PEnnsylvania 6-5000

From Wikipedia, the free encyclopedia
  (Redirected from Pennsylvania 6-5000)
Jump to: navigation, search
Hotel Pennsylvania

PEnnsylvania 6-5000 is a telephone number in New York City, written in the 2L+5N (two letters, five numbers) format that was common in the largest US cities from approximately 1930 into the 1960s. The named Pennsylvania exchange served the area around Penn Station in New York. The two letters, PE, stand for the numbers 7 and 3, making the phone number 736-5000, not including the +1-212 area code for Manhattan.

The number is best known from the 1940 hit song "PEnnsylvania 6-5000", a swing jazz and pop standard recorded by the Glenn Miller Orchestra. Its owner, the Hotel Pennsylvania, claims it to be the oldest continuing telephone number in New York City.[1] While the hotel opened in 1919, the exact age of the telephone number and the veracity of the hotel's claim are unknown.

Background[edit]

At the time of Glenn Miller's popular network radio broadcasts, television remained in an experimental stage as a scientific curiosity and most local telephone calls in large cities were being dialed directly. All intercity calls required the operator. There were no area codes. The length of local numbers varied widely; four or five digits was more than enough for a small city with a single central office, while separate central offices served individual neighborhoods of larger cities.

In large cities, each central office had one or more telephone exchange names. In the 2L+5N system, used only in the largest cities, a seven-digit local number was dialed as the first two letters of the exchange name (PE for "PEnnsylvania", the exchange serving the area around Penn Station) and five digits.

The original manual-only exchanges did not standardize length of local numbers.[2] The first automated dial exchanges in the Bell System were deployed in 1919.[3] When seven-digit telephone numbers were first assigned in New York in 1920,[4] the 3L-4N (3 letter-4 number) system had represented the number in the format "PENnsylvania 5000". (A similar system was used in Boston, Chicago, and Philadelphia.) By 1930, 3L-4N was replaced by the 2L–5N system, using two letters and five digits, and PEN-5000 became PE6-5000,[5][6] much like the "BUTterfield" exchange became BUtterfield 8.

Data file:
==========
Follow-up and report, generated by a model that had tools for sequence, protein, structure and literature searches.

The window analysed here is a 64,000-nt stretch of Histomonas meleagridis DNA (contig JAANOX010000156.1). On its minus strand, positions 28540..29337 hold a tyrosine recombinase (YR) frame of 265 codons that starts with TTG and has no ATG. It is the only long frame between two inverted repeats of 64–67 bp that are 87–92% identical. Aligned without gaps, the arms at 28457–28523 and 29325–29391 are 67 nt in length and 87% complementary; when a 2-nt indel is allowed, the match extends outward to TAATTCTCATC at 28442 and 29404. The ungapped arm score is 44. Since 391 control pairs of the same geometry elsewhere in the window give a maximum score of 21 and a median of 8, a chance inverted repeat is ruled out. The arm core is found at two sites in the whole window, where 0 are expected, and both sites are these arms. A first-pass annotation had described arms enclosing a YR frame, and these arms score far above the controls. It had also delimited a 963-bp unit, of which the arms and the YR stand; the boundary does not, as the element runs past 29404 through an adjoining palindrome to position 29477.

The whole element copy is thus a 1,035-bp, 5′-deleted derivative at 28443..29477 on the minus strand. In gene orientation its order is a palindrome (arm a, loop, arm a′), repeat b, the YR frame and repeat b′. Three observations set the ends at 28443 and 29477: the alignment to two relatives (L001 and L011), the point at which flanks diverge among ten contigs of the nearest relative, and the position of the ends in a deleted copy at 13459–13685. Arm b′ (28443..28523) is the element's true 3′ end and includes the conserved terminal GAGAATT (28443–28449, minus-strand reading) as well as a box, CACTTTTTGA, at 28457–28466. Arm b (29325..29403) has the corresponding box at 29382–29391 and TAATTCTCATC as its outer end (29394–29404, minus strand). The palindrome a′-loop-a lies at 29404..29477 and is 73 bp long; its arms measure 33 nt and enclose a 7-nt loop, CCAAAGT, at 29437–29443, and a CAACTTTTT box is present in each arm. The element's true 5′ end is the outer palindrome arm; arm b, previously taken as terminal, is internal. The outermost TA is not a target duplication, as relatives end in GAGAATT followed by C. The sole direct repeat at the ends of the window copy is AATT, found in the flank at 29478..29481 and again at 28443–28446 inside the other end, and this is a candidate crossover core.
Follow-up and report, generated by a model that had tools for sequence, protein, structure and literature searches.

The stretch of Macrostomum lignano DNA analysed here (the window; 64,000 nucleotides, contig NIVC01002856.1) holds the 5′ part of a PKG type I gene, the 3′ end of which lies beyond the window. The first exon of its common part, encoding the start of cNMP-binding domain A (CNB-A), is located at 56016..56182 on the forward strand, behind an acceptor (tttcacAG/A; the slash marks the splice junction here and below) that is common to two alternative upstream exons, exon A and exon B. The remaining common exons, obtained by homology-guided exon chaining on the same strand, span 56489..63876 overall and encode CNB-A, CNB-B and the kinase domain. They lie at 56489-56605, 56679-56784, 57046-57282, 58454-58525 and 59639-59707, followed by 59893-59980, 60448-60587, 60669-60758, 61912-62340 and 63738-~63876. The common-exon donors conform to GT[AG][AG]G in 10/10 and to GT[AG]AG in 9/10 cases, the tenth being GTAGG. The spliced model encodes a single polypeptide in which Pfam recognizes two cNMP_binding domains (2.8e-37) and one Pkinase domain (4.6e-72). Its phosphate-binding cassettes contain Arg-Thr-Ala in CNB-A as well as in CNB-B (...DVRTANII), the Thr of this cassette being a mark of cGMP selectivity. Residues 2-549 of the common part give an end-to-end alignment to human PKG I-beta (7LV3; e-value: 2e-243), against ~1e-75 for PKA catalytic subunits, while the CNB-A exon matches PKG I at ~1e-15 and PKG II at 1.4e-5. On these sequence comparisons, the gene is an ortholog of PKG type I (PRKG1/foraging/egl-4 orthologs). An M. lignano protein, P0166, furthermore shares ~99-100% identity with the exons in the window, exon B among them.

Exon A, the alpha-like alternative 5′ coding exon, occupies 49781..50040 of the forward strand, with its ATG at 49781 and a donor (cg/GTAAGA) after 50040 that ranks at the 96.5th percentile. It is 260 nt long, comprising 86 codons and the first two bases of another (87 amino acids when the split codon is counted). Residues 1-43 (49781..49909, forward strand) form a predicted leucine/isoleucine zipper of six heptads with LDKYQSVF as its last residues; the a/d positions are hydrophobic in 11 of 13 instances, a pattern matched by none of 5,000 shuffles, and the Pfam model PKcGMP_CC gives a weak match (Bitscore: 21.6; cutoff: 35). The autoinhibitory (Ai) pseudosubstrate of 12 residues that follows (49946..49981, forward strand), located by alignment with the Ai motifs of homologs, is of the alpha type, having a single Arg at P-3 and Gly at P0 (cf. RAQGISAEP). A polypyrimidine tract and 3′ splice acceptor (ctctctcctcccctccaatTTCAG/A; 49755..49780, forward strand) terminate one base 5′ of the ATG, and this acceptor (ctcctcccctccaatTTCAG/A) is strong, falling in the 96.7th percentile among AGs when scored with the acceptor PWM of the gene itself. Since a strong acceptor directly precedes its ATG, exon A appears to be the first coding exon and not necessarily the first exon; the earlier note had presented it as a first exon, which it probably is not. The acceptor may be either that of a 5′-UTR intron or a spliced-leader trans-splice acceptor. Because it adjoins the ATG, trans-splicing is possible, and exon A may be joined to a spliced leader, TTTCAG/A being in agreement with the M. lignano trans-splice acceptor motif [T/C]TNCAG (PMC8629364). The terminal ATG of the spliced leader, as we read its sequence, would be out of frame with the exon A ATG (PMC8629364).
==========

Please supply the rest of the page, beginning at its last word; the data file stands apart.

There were no telephone area codes until 1947; there was no direct distance dialling until 1951. A call from outside the city would be placed through an operator, "long distance, New York City, Pennsylvania six, five-thousand". The long distance operator would either plug into a labelled "New York City, 2L+5N" trunk and dial PE6-5000 or ask the New York City inbound operator to ring the number. The initial area code assignment gave "PEnnsylvania 6-5000" Manhattan's area code, as (212) PE6-5000.

In 1969, the PE6 telephone exchange was the first in Manhattan to be transferred from its panel switch to a 1ESS switch, temporarily making it a significant part of New York Telephone's service crisis.[citation needed] In 1999, area code 646 was overlaid on 1-212; in 2003, eleven-digit local calling was imposed on all of New York City, including calls within the same area code.[7] Letters from the original named exchange prefixes are occasionally spotted on old signage in the city, but are increasingly rare.[8]

In popular culture[edit]

1940 RCA Bluebird 78, B-10754-A, by Glenn Miller.

Many big band names played in the Hotel Pennsylvania's Café Rouge, including the Glenn Miller Orchestra.[9] The phone number became the inspiration for the Glenn Miller 1940 Top 5 Billboard hit of the same name.

The number also inspired the pun title Transylvania 6-5000, used separately as titles for a 1963 Bugs Bunny cartoon and a 1985 full-length live-action film. The number was requested in the film Breakfast at Tiffany's (1961)[citation needed], mentioned in a mix of the Milli Vanilli song "Baby Don't Forget My Number" (1989),)[citation needed] and used by David Lynch in the third episode of his television series, Twin Peaks (first aired in 1990).)[citation needed]

References[edit]

  1. ^ "New York's Hotel Pennsylvania Keeps World Trade Center 'Tribute in Lights' Memorial Beaming Forever in Virtual Reality". Hospitality Net. 2009-04-17. Retrieved 2011-08-11. 
  2. ^ "New York City telephone exchanges". 
  3. ^ Daniel Engber (January 12, 2014). "Who Made That? (Dial Tone)". The New York Times Magazine. p. MM19. Retrieved December 28, 2014. 
  4. ^ "New York City telephone exchanges, November 1920 to May 1930". 
  5. ^ Pollak, Michael (2008-11-14). "Dialing Up History". The New York Times. Retrieved 2011-08-11. 
  6. ^ "Dial Phones to Bring New Number System". The New York Times. August 24, 1930. Retrieved 2011-08-11. Company to Alter New York's Technique to Facilitate Mechanical Operation. Will Number Exchanges Two Letters and Numeral to Precede Designation of Station Called. Plan Effective Dec. 15 Largest Revision of Kind Will Make It Possible to Reach Wide Area Without Operator's Aid. To Install System Gradually. Dearth of Exchange Names. Adaptable to Wide Growth. 
  7. ^ Joyce Cohen (January 23, 2003). "The 10- or 11-Digit Local Call Fosters Anxiety and Shrugs". The New York Times. Retrieved December 28, 2014. 
  8. ^ "Running the Numbers NYC telephone exchanges". Forgotten NY, Greater Astoria Historical Society. 
  9. ^ "Office Tower Dooms Hotel Pennsylvania. Hosted Glenn Miller, Duke Ellington – Money". Daily News (New York). 2007-01-05. Retrieved 2011-08-11. 


External links[edit]